Big Three (colleges)

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The Big Three
Edward Penfield, College crews, 1908.jpg
Members rowing teams from ten colleges, including the Big Three in the top row

The Big Three is a historical term used in the United States to refer to Harvard University, Yale University, and Princeton University. The phrase Big Three originated in the 1880s, when these three colleges dominated college football.[1] In 1906, these schools formed a sports compact that formalized a three-way football competition which began in 1878. This early agreement predated the Ivy League by nearly a century. Today, the term is used to refer to the comparable levels of prestige, tradition, elitism, and academic and intellectual superiority affiliated with the schools. The rivalry remains intense today, though the three schools are no longer national football powerhouses, and schools continue to refer to their intercollegiate competitions as "Big Three" or "Harvard-Yale-Princeton" meets.

Historic status[edit]

Harvard-Princeton Football Game, 1915

In 1908, Scotsman Robert Knox Risk wrote the following about the state of American universities during the early 20th century.

Princeton, like [Harvard and Yale], confers some social distinction upon its graduates. In this respect Harvard, Yale, and Princeton are the Western Counterparts of Oxford and Cambridge, and are maintained largely for the sons of rich men. Members of the American aristocracy would send their boys to one or other of these three universities if there were any aristocracy in the United States.[2]

Edward Digby Baltzell wrote: "The three major upper-class institutions in America have been Harvard, Yale, and Princeton." These colleges have, in the past, been set apart from others by a special historic connection with the White-Anglo-Saxon Protestant (WASP) establishment. Of the three, Princeton University was traditionally the preferred choice of the Southern upper class.[3] While describing the recruiting process for the Rough Riders, Theodore Roosevelt, mentioned the Ivy League schools including Harvard, Yale, and Princeton as target schools.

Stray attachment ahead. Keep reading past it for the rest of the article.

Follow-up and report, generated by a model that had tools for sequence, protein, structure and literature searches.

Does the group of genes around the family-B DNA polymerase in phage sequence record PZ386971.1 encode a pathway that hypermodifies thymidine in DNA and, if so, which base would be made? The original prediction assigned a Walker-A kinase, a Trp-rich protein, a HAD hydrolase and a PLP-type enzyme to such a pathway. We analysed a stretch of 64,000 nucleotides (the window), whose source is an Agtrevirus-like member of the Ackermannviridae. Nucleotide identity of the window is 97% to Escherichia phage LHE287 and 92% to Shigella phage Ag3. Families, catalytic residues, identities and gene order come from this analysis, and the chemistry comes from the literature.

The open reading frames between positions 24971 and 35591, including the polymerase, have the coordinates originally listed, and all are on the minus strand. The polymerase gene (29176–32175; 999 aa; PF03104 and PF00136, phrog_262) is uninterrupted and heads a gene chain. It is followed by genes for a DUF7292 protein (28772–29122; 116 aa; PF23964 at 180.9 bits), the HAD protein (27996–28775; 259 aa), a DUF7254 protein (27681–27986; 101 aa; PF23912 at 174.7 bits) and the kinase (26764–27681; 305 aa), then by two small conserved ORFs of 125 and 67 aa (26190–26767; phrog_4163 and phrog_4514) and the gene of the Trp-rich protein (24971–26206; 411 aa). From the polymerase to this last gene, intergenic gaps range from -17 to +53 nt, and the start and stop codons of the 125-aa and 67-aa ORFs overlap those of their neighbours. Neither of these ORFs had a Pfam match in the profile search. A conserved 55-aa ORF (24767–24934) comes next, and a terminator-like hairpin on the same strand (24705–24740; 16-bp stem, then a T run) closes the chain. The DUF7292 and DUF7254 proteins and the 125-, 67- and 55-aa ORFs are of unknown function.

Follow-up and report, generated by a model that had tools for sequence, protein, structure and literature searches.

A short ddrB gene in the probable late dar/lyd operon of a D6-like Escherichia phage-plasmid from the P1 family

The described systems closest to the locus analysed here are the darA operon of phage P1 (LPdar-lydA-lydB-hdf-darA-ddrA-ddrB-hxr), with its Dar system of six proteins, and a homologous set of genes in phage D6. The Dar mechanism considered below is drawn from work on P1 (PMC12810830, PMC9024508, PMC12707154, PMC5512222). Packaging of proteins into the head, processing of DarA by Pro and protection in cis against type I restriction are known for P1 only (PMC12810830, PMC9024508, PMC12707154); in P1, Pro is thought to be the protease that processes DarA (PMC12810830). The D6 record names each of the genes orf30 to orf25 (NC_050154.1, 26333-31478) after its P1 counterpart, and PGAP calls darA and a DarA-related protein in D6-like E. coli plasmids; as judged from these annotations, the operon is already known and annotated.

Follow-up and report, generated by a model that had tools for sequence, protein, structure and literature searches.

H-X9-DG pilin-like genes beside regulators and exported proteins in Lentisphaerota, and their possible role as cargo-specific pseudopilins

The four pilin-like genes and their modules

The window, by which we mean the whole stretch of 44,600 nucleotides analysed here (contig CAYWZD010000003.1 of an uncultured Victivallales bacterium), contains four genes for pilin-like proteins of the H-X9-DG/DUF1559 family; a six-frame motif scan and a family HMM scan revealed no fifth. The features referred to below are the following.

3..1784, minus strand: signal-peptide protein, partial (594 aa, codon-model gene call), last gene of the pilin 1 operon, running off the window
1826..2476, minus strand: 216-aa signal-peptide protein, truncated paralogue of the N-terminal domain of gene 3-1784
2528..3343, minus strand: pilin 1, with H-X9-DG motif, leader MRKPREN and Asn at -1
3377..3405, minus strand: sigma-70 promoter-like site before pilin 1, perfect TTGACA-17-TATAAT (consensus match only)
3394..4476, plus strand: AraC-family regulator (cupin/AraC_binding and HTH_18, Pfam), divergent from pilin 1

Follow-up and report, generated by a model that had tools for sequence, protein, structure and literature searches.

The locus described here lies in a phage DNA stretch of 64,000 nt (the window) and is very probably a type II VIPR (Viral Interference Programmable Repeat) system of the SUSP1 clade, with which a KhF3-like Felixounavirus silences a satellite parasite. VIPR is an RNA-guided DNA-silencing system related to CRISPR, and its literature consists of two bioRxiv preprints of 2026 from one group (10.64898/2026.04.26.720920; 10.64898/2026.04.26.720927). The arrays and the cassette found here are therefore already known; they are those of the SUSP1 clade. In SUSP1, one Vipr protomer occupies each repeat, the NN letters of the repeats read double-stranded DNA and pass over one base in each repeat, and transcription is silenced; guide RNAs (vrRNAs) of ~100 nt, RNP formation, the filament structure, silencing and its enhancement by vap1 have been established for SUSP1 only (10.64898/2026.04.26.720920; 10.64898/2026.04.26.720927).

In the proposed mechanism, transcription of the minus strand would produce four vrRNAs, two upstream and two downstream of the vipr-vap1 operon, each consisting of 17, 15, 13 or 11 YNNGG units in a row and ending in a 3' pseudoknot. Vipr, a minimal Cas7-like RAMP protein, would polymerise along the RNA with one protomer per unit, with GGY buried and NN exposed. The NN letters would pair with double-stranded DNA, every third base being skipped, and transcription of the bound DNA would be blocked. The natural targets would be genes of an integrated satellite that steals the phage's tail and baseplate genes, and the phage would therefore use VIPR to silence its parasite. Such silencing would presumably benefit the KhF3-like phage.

We drew recruits from Harvard, Yale, Princeton, and many another college; from clubs like the Somerset, of Boston, and Knickerbocker, of New York; and from among the men who belonged neither to club nor to college, but in whose veins the blood stirred with the same impulse which once sent the Vikings over sea.[4]

The Saturday Review found in 1963 that Harvard, Yale, and Princeton enrolled 45% of boys on the New York Social Register.[5] That year Nathaniel Burt described the social prestige of the Big Three:

It is, above all, the national social prestige of the Big Three which is competition with the purely local social prestige of the University [of Pennsylvania]. Upper-class boys from all over the country, including Philadelphia, go to Harvard, Yale, and Princeton. Only from Philadelphia do upper-class boys go in any significant numbers to Penn. This is of course a universal national phenomenon. The pattern of upper-class male college preference, as deduced from a counting of noses in the various Social Registers, can be summed up as "The Big Three and a Local Favorite."[6]

Burt continued, "Every city sends or has sent its Socially Registered sons to Harvard, Yale, and Princeton, in some preferred order, and to one local institution. This order varies. New York sets the pattern with Yale first, Harvard second, Princeton third, then Columbia. St. Louis and Baltimore are Princeton towns. Most other cities (Chicago, Cleveland, Cincinnati) are Yale towns. Only Boston, and occasionally Washington, are Harvard towns."

The connection between certain colleges and social ranking is old; Jerome Karabel, in a note citing Kenneth Davis, says that "in the mid-eighteenth century, the [president of Harvard] personally listed students when they enrolled, according to ... 'to the Dignity of the Familie whereto the student severally belong'—a list that was printed in the college catalogue and that determined precedence in such matters as table seating, position in academic processionals, even recitations in class."[7] Ronald Story, however, says that it was during “the four decades from 1815 to 1855” that “parents, in Henry Adams′ words, began sending their children to Harvard College for the sake of its social advantages.”[8]